Insights to help you build an extraordinary team.
The unknown is one of the greatest sources of fear in hiring.
I have found that one of the greatest assets in successful hiring is a clear sense of awareness. The things that come back to haunt us in recruiting and hiring are unknowns that were knowable if only we had been more attuned.
In my work as an executive recruiter, working primarily with startups and growth companies, one of my goals is to minimize the unknowns for both the client and the candidate and to create a situation that leads to hiring confidently. This has evolved over the years into a highly transparent process that involves asking fearless questions of both parties.
From my experience, the companies that have the most success in hiring are those that have a clear sense of the environment into which they are inviting a new team member.
When the CEO or other hiring leader understands the company’s strengths and weaknesses as a place to work, this is a great foundation for finding and hiring the person who will be the right fit. It is critical to offer the candidate relevant information needed to make a well-informed decision. When someone joins a company with eyes wide open, I rarely hear later complaints even when the going gets tough, as it inevitably does in a startup. When I do hear complaints, this is often due to unpleasant discoveries that were not disclosed in the interview process — one of the reasons top talent is easily lured away.
These “unpleasant discoveries” are not typically the result of an intentional effort to mislead, but rather from a lack of awareness by the company’s leadership. Some entrepreneurs have such a strong sense of vision and optimism that they don’t see the cracks in their company. Or they spend so much of their time in survival mode, or focused on growing the business, that they are not fully aware of what it is actually like to be part of their team. In some instances, the CEO doesn’t have the type of relationships with team members that allow for open feedback. Or doesn’t have a coach or mentor to help pinpoint where growth as a leader is needed.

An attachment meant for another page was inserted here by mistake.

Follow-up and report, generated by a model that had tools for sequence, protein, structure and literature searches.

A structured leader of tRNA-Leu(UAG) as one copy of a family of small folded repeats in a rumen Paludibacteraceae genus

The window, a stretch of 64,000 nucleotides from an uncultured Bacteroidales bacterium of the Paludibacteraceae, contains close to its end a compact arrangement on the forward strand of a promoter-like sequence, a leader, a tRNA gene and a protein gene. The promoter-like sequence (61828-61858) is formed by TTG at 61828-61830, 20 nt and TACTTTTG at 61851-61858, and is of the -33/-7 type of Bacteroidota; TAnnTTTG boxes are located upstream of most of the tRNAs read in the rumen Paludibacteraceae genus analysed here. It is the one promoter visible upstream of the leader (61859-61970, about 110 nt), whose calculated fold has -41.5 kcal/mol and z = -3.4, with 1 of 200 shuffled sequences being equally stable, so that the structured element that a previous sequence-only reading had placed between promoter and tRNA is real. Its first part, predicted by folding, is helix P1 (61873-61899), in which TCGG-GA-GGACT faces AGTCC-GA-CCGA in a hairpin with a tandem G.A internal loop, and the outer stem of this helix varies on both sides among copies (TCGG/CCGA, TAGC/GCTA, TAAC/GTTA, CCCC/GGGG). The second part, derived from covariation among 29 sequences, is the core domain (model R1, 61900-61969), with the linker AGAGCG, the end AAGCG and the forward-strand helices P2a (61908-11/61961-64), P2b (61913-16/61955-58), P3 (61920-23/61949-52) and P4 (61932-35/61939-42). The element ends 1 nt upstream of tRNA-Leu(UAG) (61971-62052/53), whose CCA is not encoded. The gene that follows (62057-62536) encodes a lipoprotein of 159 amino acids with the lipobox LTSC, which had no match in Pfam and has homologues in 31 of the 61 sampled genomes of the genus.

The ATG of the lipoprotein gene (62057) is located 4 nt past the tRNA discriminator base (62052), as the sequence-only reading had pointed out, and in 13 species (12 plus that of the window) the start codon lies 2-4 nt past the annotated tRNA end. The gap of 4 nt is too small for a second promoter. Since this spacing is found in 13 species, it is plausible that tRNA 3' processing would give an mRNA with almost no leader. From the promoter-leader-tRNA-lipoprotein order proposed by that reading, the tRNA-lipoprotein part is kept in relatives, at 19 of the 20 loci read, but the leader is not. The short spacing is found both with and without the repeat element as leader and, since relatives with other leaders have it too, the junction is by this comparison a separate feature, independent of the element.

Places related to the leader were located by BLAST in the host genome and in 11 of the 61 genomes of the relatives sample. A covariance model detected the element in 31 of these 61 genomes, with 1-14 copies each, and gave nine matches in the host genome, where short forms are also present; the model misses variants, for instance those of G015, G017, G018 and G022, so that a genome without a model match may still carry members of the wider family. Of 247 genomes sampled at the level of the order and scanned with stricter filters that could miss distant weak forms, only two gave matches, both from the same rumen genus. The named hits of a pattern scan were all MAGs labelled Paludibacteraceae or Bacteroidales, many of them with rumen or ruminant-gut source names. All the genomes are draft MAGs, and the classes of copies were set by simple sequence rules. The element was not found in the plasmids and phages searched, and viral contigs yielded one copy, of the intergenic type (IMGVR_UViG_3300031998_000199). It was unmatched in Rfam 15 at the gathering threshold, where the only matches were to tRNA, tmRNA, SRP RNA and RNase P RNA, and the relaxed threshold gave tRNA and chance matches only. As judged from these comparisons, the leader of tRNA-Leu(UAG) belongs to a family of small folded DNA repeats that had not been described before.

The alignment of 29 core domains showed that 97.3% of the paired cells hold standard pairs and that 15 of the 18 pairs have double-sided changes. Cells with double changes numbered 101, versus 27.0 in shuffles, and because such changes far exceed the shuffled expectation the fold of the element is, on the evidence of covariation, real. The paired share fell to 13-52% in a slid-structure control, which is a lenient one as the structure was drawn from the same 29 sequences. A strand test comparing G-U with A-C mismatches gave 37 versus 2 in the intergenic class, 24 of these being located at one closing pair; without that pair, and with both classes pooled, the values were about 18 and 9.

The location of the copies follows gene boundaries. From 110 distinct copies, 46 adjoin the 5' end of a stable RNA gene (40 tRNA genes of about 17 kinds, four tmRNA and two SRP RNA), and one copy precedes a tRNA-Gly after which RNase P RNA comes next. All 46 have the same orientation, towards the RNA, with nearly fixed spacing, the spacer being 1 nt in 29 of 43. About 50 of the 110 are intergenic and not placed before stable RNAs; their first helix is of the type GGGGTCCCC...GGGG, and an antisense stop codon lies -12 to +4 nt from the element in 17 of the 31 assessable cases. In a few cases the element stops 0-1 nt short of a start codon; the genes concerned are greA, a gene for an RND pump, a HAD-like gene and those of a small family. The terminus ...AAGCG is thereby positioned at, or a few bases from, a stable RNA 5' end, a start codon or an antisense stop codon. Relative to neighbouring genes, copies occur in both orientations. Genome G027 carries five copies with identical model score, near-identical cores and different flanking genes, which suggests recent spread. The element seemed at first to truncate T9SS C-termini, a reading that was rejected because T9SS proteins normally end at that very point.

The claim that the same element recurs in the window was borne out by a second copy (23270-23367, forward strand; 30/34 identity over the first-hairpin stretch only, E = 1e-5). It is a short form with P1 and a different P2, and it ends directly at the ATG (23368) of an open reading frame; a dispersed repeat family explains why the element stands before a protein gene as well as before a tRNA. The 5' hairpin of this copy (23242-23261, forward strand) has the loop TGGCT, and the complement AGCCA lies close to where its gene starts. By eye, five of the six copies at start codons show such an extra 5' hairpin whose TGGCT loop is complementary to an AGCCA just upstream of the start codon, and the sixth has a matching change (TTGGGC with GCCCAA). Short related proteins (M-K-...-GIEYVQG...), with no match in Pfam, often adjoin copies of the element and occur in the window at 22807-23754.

If you are a CEO or other leader planning to hire, one of the best pieces of advice I can give you is to take time to thoroughly and fearlessly assess your environment. You might consider asking team members to share candidly about their experience of working with the company – and with you. If you have concern about your team feeling comfortable enough to openly share this type of feedback with “the boss” then ask a trusted source to compile this information with the assurance that comments will remain confidential.
One of the gifts you will receive from this process is the opportunity for greater self-awareness which is one of the most valuable strengths of an effective leader.
The awareness that you gain will not only help you to set realistic expectations for candidates and new hires, but will also help you identify the characteristics and attributes that predict that someone will be successful on your team. On top of all this, this insight will empower you to detect internal company problems that require attention.
Greater awareness of your company’s internal environment is but one important aspect of removing the unknowns and reinforcing your ability to hire confidently. Bringing a high level of awareness to the candidate assessment process is also crucial, but that’s a topic for another time.
If you would like a list of sample questions to use in getting valuable feedback from your team, message me and I will share this with you (no strings). Also, if you have specific questions about anything I’ve shared, I would be happy to address this in the comments or privately.